Schizophrenia is among the most disabling illnesses of adults in the world. With illness onset typically occurring in young adulthood, individuals with schizophrenia often struggle to establish and maintain social and work roles in the community. In recognition of the profound disability associated with schizophrenia, the Veteran?s Health Administration has prioritized provision of mental health care services to adults with severe and persistent mental illnesses. The President?s New Freedom Commission called for the development of mental health care services that focus on ?increasing consumer?s ability to successfully cope with life challenges, on facilitating recovery, and on building resilience.? The proposed intervention study is designed to enhance cognition, and ultimately, psychosocial functioning in patients. The cognitive dysfunction associated with schizophrenia has been found to be one of the strongest predictors of how well patients do in the community. The primary aim of the proposed study is to evaluate the efficacy of a novel pairing of two therapeutic interventions designed to restore cognitive functioning in patients with schizophrenia. Presently, cognitive remediation, a computer-based intervention that exercises cognitive abilities, is the approach to intervention that has shown the most success in changing cognitive performance in patients with schizophrenia. While gains are made with this approach to intervention, the impact has been modest, and the intensity of training regimens required by this approach may be a barrier that limits widespread use of this intervention. Transcranial direct current stimulation (tDCS) is a neuromodulatory technique that has been found to temporarily facilitate learning and to enhance cognitive performance. The proposed study will examine these two techniques used in combination to enhance cognition and psychosocial functioning in patients with schizophrenia. To accomplish this goal, 100 patients with schizophrenia will be randomized to cognitive remediation paired with either tDCS or a sham condition. In both conditions participants will receive computer-based cognitive training and metacognitive strategy training three times a week for 16 weeks. The cognitive training protocol proposed in this study is focused on exercising working memory processes and has been found to be effective in producing change in this domain. Participants in the tDCS condition will receive 20 minutes of 1 mA stimulation concurrent with training. Participants in the sham condition will receive 30 seconds of stimulation to simulate the experience of tDCS. We hypothesize that, as compared to participants in the sham condition, patients who receive cognitive remediation with tDCS will demonstrate significantly greater change on neuropsychological measures of working memory, related cognitive functions, functional capacity, and community functioning. A second study goal is to examine the stability of intervention-induced change in cognition. Participants will be re-assessed 6 weeks and 6 months (26 weeks) after treatment termination to examine the stability of intervention induced change. We hypothesize that training induced changes in cognition will be stable and that participants who receive cognitive training with tDCS will maintain the predicted between-group difference throughout the follow up period. In addition, this study will examine in an exploratory manner whether individual differences in performance on the cognitive training are predictive of magnitude and breadth of intervention-induced change. Last, participant experience of cognitive remediation with tDCS and sham will be closely assessed to identify reactions to the intervention procedures that could be a barrier to implementation in clinical practice. Participants are expected to report that the procedures are tolerable, worthwhile, and enjoyable. Achieving these objectives will inform intervention development efforts by evaluating the efficacy and acceptability of a safe, non-invasive, and affordable adjunct to cognitive remediation.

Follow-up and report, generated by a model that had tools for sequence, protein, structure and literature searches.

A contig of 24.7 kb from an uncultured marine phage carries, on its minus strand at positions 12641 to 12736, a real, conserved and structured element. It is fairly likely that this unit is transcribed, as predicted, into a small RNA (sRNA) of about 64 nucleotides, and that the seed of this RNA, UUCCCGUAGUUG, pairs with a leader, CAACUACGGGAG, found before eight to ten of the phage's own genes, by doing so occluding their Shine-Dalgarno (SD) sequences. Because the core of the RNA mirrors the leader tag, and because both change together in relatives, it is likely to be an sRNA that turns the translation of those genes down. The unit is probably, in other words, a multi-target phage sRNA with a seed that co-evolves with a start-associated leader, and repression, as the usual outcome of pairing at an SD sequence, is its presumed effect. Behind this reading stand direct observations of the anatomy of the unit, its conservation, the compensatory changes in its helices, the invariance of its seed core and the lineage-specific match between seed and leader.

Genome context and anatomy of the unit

Given that the vast majority of patients with schizophrenia are cognitively impaired, there is significant need for effective and efficient interventions that target this aspect of the illness. The functional disability associated with cognitive impairment in this population is one of the most distressing aspects of the illness to both patients and family members, and improvement in psychosocial functioning is frequently a goal that both patients and family members are motivated to work toward. Development of a cognitively enhancing intervention would fill a gap in the current mental health services offered to this population. If the study hypotheses are supported, the proposed treatment study would provide empirical support for the efficacy of a non-invasive approach to treatment that has the potential to restore cognitive and psychosocial functioning in schizophrenia. If shown to be promising, the findings from the proposed study would inform future intervention development efforts.